Nine Hong Kong schools chosen for pilot scheme to prevent student suicides
Committee studying student deaths recommends extra funding, training and support services to identify and tackle problems following 34 student suicides over last three school years
Hong Kong will launch a pilot scheme in nine schools in the next academic year to prevent student suicides after an official committee tasked to study the troubling issue found that 85 per cent of such cases involved relationship problems with peers and family.
The Committee on Prevention of Student Suicides submitted its progress report to the education minister on Friday, recommending 11 preventive measures including nursing support and extra funding for schools.
The committee was formed in late March following a wave of student suicides in the last school year.
Secretary for Education Eddie Ng Hak-kim said his bureau hoped to “take special measures” and make arrangements to match “the needs of schools and students”.
But educators and parents’ concern groups said the committee’s report still failed to tackle the root of the problems stemming from the education system.
The committee, chaired by the University of Hong Kong’s Professor Paul Yip Siu-fai, conducted an unprecedented analysis of the 34 student suicide cases between September 1, 2013 and April 30 this year.
About 85 per cent of the cases, covering youngsters aged 10 to 20, involved relationship problems, mostly concerning family issues such as conflicts with parents.
About 60 per cent of cases involved school adjustment issues, such as transferring to a new environment or repeating a grade.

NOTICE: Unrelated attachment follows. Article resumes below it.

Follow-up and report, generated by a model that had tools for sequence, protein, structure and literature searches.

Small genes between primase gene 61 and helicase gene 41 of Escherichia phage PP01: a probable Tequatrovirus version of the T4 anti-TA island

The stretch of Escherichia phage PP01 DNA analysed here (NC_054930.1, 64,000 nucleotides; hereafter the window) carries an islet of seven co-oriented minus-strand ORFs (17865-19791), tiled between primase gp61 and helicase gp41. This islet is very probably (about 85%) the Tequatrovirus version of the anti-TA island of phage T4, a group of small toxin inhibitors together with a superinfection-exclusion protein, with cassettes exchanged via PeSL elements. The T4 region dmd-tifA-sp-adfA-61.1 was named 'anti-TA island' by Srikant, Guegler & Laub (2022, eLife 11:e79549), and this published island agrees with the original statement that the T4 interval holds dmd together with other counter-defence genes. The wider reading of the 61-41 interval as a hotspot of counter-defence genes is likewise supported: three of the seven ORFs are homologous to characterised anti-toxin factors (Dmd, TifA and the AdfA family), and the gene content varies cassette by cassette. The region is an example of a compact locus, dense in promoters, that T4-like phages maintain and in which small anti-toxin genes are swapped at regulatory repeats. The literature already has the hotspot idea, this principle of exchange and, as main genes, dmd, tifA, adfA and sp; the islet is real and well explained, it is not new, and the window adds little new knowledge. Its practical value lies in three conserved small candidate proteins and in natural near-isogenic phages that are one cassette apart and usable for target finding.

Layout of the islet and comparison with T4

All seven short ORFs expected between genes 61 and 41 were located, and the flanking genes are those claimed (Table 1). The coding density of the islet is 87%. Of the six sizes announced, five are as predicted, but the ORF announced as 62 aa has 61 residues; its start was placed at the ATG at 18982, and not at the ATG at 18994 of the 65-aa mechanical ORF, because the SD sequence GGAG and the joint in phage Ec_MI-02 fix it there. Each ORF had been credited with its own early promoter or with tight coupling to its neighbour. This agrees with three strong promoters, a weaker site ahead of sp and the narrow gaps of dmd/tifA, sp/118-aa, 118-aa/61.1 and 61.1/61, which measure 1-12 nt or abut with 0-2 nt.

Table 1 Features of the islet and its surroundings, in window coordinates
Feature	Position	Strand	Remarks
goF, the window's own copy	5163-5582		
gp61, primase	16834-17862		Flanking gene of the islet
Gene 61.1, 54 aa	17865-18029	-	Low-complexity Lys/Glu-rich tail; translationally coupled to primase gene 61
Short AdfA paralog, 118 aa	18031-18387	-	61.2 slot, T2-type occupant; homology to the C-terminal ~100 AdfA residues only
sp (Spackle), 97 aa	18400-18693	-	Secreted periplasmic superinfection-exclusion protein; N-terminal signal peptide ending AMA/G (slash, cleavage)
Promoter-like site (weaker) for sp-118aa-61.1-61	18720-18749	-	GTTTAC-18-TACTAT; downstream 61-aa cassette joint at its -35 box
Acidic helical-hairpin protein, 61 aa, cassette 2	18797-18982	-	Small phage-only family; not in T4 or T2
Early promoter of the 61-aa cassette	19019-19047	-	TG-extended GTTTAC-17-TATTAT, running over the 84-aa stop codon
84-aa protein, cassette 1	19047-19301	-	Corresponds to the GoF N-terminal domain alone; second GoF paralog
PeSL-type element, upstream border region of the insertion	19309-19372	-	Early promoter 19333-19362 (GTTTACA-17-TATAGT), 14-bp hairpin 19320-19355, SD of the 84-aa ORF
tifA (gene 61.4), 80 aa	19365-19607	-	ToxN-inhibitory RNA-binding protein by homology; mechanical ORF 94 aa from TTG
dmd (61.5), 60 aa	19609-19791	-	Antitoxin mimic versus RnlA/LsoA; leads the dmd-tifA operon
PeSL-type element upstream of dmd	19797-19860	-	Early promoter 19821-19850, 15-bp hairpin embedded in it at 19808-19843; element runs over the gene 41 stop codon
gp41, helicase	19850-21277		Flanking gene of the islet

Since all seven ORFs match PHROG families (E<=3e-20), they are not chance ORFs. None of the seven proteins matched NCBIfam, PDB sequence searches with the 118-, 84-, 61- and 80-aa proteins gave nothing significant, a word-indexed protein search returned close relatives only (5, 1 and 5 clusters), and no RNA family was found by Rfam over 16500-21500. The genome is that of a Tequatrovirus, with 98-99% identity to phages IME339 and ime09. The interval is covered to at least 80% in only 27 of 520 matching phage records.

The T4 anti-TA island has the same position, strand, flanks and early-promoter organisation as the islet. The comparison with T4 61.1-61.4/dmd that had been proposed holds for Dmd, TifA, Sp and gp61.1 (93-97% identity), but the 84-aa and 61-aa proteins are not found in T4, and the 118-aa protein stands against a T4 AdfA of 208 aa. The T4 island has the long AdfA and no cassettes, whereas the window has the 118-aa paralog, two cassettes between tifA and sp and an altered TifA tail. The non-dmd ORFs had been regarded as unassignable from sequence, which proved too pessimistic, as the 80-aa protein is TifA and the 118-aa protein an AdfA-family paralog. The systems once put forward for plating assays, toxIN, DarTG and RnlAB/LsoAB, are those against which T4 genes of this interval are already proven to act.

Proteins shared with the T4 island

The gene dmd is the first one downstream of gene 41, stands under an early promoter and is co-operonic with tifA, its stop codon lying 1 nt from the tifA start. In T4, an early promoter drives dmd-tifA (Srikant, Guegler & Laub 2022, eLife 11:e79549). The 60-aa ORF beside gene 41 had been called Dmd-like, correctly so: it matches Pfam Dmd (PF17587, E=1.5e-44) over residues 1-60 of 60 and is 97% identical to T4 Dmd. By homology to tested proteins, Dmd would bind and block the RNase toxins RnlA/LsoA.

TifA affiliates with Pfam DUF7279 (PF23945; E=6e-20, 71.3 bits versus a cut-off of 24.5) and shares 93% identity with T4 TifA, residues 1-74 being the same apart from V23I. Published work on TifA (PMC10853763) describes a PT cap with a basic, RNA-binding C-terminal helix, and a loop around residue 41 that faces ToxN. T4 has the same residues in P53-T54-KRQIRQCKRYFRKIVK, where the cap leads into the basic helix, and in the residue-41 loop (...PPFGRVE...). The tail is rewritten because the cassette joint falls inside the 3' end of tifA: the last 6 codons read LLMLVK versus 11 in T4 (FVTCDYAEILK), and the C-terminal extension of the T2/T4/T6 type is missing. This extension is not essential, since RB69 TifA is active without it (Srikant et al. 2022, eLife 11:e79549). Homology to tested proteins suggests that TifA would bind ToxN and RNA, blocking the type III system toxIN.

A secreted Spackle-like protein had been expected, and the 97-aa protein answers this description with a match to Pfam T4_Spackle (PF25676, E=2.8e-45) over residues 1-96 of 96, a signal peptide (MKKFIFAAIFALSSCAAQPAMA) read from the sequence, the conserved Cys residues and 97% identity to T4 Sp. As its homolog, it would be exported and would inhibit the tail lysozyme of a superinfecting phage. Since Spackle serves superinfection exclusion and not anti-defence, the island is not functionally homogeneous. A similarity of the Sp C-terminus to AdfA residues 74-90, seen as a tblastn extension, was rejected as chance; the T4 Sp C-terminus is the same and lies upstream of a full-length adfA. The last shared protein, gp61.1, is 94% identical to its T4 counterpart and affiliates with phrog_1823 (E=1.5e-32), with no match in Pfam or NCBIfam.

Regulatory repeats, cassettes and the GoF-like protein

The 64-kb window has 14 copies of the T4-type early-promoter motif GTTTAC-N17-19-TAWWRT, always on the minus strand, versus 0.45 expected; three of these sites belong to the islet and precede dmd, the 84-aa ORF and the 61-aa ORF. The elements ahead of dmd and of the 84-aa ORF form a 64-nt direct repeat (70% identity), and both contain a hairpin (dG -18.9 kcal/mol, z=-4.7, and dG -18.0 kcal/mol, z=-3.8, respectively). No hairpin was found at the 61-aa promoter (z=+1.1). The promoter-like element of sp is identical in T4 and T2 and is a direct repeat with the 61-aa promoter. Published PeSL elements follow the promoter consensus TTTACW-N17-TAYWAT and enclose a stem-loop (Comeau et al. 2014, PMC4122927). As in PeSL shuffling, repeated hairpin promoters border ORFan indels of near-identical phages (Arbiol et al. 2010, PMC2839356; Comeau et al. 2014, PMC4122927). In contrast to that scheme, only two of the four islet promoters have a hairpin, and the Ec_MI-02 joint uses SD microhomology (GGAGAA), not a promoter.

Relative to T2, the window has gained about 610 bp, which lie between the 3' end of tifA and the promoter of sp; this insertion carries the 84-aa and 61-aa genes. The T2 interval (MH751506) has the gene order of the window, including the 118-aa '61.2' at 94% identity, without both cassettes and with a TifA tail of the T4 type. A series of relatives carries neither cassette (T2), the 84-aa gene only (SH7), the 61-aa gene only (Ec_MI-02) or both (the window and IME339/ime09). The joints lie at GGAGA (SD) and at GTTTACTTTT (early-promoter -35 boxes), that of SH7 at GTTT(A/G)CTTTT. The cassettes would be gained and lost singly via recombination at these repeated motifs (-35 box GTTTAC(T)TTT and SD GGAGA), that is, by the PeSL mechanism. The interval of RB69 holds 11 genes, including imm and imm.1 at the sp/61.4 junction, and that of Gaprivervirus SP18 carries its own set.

“The data showed that reasons behind each student suicide case were very complicated,” Ng said. “More than 90 per cent of cases were in fact caused by multiple factors.”
Half of the 11 measures will be introduced from the start of the coming school year, before the release of a full report in late October.
The two-year pilot scheme, to be run jointly by multiple departments including the Food and Health Bureau and the Education Bureau, will boost support in schools for students with mental health needs.
“I think it is very important that teachers, social workers as well as parents can be trained so that they will be more confident and have the necessary knowledge to identify the symptoms of students who have some emotional problems,” health minister Dr Ko Wing-man said.
“They could pick up the problematic students at an early stage to allow prompt intervention.”
Two senior psychiatric nurses from the Hospital Authority will pay regular visits to the nine schools taking part in the first phase, to assess students’ mental health and offer consultation to teachers and parents.
Each school can seek a maximum HK$150,000 in funding to host activities to raise the fun factor, boost morale and help people unwind.
Teachers will also receive “gatekeeper training” to learn how to identify students with problems.
Fung Pik-yee, principal of the Aplichau Kaifong Primary School in Ap Lei Chau, was unimpressed.
“The report did not identify the root of the problem, which is the immense pressure in the exam system now,” Fung said.